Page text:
Financial Statement Reporting of Pending Litigation: Attorneys, Auditors, and Differences of Opinions

Summary


Pending litigation can be a significant source of potential liability for public companies. The lack of adequate disclosure of this potential liability has caused confusion for investors, lenders, and other financial statement users. Auditors are required to assess the appropriateness of financial statement disclosures regarding pending litigation. However, the auditor's ability to do so depends upon receiving information from the company's attorneys. As independent auditors, Certified Public Accountants express their opinion regarding the reliability and integrity of a publicly traded company's financial statements based upon their examination and testing of the company's books and records. The authors' recommendation is that the auditor should consider limiting the scope of the audit to recognize the inherent limitation of the information available to the auditor concerning legal matters. While this approach does not resolve the communication conflict between the auditor and the attorney, it does signal to investors, lenders and others relying on the company's financial statements that the auditor is unable to render an opinion on these matters.

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Extract


Financial Statement Reporting of Pending Litigation: Attorneys, Auditors, and Differences of Opinions

What we've got here is a failure to communicate.1

I. INTRODUCTION

Pending litigation can be a significant source of potential liability for public companies. The lack of adequate disclosure of this potential liability has caused confusion for investors, lenders, and other financial statement users. Auditors are required to assess the appropriateness of financial statement disclosures regarding pending litigation. However, the auditor's ability to do so depends upon receiving information from the company's attorneys. Obtaining this information, however, is problematic because the accounting and auditing standards that guide auditors and the professional standards that guide attorneys have been at odds for the past thirty years. Recent scandals2 have resulted in legislation3 and increased scrutiny of the disclosure of contingent liabilities from pending litigation, thus magnifying this conflict between auditors and attorneys.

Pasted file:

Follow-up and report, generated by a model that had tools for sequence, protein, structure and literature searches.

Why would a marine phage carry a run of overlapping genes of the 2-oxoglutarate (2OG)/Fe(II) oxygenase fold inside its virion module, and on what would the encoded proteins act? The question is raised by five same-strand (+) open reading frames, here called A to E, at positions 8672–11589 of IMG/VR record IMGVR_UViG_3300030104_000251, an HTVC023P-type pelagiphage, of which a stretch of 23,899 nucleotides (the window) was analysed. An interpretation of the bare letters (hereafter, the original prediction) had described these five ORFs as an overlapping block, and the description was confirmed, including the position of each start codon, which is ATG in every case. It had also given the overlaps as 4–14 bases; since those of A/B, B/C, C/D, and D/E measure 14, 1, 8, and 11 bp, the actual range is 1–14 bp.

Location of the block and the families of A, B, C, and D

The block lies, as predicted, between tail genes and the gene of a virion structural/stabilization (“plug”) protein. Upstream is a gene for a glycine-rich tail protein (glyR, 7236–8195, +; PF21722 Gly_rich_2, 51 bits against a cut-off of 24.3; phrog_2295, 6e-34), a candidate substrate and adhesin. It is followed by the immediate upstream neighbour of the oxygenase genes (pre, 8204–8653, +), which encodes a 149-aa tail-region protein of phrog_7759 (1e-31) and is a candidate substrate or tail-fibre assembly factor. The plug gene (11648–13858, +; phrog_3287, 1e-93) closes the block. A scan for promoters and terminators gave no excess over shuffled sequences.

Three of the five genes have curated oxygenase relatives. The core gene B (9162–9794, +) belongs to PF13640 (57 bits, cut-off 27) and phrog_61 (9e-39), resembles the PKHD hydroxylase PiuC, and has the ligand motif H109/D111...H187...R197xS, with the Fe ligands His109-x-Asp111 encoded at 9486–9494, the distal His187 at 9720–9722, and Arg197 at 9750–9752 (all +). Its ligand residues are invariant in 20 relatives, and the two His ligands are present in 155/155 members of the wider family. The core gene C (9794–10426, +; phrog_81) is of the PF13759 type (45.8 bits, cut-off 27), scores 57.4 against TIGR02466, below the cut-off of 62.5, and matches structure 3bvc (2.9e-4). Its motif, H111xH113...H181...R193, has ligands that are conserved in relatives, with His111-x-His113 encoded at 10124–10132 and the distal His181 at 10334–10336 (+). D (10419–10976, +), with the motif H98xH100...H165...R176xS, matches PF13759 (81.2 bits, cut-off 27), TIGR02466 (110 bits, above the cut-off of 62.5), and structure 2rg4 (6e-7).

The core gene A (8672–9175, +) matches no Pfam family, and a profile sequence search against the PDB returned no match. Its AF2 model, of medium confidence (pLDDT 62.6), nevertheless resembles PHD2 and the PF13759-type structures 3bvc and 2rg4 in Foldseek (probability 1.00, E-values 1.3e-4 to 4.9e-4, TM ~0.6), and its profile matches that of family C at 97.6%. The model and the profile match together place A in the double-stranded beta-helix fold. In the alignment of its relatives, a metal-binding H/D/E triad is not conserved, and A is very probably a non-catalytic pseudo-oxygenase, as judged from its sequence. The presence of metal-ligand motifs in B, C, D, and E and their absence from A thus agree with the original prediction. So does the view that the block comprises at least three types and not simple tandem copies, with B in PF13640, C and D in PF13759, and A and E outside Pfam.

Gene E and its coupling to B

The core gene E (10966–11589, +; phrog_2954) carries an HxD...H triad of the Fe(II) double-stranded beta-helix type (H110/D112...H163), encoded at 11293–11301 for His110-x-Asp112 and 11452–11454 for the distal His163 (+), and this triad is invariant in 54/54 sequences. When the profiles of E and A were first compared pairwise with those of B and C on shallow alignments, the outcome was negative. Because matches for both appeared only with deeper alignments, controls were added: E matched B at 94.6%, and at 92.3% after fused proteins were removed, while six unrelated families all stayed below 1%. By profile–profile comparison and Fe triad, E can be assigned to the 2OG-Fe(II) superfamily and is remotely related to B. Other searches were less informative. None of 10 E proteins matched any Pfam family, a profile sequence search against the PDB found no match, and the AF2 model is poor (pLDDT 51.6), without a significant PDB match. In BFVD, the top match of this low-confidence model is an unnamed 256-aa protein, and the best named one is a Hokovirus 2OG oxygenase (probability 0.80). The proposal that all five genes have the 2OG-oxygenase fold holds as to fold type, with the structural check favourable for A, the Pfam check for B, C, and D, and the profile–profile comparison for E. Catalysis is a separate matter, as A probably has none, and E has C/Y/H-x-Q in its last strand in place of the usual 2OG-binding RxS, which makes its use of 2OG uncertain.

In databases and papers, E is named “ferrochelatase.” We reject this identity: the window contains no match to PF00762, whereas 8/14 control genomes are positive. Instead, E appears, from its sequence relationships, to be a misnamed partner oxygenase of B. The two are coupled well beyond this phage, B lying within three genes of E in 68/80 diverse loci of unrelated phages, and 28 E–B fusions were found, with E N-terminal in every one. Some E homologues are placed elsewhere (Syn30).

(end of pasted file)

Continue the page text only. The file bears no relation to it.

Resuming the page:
Parts II and III of this Article discuss the U.S. accounting standards and auditing standards applicable to pending litigation. Part IV identifies the issues raised by communications between attorneys and auditors, including the attorney-client privilege, the work product doctrine, and the American Bar Association guidelines4 on communications with a client's auditor. Part V describes three possible solutions offered by previous commentators to the conflict between attorneys and auditors and an assessment of the viability of these solutions. Finally, Part VI provides our conclusions and a recommendation for addressing this confl...

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